These are the kind of leadership qualities that set apart from tradition leaders in communities:
1. Are able to focus on strength rather than pathology because they are able to see the nuances within a community that speak to strengths, gifts. They know that to focus on strength and current skills is part of the practice of any apprentice.
2. They are able to help raise the pain threshold because they have a longer view having been steeped in the tradition. They have more tools to draw from and share with the community. The understand and can read the ways in which the tradition and their context are shifting but are able to put it into perspective with the tradition as a whole.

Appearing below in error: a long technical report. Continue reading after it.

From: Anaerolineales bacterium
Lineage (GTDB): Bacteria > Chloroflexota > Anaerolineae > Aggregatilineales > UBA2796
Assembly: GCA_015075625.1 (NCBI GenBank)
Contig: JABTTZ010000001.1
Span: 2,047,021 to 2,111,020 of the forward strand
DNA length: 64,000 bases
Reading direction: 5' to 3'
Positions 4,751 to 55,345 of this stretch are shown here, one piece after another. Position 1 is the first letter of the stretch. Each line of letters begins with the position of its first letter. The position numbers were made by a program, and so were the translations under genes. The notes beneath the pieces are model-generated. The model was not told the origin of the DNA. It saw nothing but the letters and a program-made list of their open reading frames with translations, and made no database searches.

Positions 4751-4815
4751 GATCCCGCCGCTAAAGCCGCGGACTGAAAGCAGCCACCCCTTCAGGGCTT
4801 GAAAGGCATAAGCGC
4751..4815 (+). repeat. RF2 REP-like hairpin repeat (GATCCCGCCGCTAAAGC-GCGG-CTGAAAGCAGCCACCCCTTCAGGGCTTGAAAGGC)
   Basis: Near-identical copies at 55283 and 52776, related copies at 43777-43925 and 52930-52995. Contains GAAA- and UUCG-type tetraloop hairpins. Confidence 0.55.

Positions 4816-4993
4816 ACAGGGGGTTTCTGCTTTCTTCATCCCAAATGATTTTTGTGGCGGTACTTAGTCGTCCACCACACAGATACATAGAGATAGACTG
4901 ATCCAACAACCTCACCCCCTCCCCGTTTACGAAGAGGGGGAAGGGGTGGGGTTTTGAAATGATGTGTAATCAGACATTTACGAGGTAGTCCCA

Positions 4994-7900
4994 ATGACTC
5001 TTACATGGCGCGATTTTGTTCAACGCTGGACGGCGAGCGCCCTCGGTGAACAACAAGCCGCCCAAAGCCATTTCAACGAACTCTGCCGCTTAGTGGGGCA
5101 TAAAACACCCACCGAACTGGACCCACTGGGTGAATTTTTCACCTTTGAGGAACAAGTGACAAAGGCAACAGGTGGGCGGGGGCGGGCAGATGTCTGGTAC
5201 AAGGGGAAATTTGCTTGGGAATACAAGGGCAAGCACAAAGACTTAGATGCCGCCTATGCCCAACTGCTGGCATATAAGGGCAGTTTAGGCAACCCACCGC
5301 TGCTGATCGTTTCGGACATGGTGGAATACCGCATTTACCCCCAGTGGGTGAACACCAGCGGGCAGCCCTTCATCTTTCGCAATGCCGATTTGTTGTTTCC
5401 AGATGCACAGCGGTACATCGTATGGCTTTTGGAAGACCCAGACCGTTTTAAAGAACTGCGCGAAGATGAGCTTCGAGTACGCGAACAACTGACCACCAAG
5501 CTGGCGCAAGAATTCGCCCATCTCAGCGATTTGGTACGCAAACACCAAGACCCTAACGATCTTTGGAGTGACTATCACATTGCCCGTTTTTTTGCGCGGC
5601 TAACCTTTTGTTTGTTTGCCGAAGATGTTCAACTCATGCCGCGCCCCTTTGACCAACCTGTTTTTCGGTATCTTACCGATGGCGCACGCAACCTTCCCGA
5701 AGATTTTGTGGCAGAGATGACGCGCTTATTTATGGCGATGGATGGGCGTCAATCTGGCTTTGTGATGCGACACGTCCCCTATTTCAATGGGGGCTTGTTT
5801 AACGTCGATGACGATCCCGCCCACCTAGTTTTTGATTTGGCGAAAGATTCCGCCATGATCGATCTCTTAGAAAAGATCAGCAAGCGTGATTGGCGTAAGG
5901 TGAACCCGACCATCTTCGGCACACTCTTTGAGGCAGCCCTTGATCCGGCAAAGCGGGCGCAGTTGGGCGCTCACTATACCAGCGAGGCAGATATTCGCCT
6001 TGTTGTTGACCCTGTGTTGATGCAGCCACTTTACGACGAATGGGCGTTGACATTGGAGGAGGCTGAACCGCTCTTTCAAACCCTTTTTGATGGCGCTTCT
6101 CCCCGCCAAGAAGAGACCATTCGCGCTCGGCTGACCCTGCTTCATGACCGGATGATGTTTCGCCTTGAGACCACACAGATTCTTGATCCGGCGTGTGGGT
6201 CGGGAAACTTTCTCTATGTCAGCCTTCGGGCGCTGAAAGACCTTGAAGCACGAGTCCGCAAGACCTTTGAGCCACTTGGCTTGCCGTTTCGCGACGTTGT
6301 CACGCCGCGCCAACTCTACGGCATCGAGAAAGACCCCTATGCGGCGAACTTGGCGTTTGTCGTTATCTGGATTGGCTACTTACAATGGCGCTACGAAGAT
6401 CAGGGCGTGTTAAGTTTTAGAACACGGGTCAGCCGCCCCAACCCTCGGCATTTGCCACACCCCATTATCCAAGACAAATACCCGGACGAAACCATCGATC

3. Take responsibility for their own selves, their own emotional regulation, and work to take ownership over their actions rather than blaming others.
4. They learn to regulate their own reactivity while also making clear, well-defined stands
5. They know how to make adventure more important than safety
6. Seek progress rather than peace when peace is used to thwart movement, but is able to foster an environment where both are possible.